For a group that was famously manufactured, the Monkees have outlived vast swaths of their supposedly more "serious" musical counterparts of the late '60s. Perhaps that's because the foursome was always more musically gifted than its initial TV-show origins might have let on. After all, though the group's effervescent, lightly British-inflected pop rock was originally created for them, eventually the members wrested back creative control and played much of the material on their later albums. In fact, it was during this period that they released arguably their biggest hit, "Daydream Believer."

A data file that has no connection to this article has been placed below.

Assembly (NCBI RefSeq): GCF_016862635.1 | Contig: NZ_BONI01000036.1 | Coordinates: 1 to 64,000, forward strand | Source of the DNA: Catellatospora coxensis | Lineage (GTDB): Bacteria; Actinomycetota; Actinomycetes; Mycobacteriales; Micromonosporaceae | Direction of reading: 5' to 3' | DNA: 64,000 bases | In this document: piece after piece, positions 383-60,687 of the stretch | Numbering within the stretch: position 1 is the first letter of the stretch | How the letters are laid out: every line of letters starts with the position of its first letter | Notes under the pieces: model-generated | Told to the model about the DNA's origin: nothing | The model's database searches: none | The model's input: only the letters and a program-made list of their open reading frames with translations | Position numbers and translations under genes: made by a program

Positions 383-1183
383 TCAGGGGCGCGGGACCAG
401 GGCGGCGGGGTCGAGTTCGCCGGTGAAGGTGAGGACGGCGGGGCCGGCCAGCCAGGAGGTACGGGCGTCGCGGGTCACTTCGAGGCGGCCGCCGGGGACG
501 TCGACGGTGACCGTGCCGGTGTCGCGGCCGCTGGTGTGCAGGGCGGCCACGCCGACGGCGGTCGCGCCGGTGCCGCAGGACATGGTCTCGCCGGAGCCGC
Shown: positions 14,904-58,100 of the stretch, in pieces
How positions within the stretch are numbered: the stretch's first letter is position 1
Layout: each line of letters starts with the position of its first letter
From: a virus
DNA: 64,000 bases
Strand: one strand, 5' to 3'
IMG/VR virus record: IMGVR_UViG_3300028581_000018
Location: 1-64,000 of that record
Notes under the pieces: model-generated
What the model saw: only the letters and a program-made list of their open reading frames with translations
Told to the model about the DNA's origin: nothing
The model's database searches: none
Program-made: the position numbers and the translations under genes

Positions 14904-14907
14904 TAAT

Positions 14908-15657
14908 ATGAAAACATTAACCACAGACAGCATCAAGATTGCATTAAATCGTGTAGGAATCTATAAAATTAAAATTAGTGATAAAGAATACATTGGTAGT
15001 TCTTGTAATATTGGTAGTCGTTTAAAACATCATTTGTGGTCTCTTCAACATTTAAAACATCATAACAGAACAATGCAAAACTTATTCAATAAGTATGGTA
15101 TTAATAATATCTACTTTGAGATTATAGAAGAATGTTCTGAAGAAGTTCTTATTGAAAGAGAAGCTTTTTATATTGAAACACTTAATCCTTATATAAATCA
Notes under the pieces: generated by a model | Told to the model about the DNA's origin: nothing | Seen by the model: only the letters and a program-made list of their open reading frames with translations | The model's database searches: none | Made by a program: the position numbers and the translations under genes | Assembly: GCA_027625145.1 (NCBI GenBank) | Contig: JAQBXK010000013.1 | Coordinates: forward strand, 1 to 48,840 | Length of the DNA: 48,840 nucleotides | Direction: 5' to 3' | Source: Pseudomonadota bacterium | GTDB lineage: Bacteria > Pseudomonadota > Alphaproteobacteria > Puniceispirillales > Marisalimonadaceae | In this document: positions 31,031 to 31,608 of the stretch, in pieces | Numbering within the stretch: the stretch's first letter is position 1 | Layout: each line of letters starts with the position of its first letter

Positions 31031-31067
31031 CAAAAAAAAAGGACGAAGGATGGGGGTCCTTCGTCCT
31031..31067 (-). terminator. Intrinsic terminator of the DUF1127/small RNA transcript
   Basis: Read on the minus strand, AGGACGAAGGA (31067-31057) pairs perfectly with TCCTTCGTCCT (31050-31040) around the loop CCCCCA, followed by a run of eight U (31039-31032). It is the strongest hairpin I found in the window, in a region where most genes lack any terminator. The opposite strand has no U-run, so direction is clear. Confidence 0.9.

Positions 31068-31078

In latter days, though, intragroup relations have been more fraught. Original members Micky Dolenz, Peter Tork, and Davy Jones reunited in 1997 and 2001 — outings that largely ended in acrimony. Over the past decade, however, the tensions have softened, and the three — notably without original guitarist Michael Nesmith — have hit the road this year to mark the band's 45th anniversary.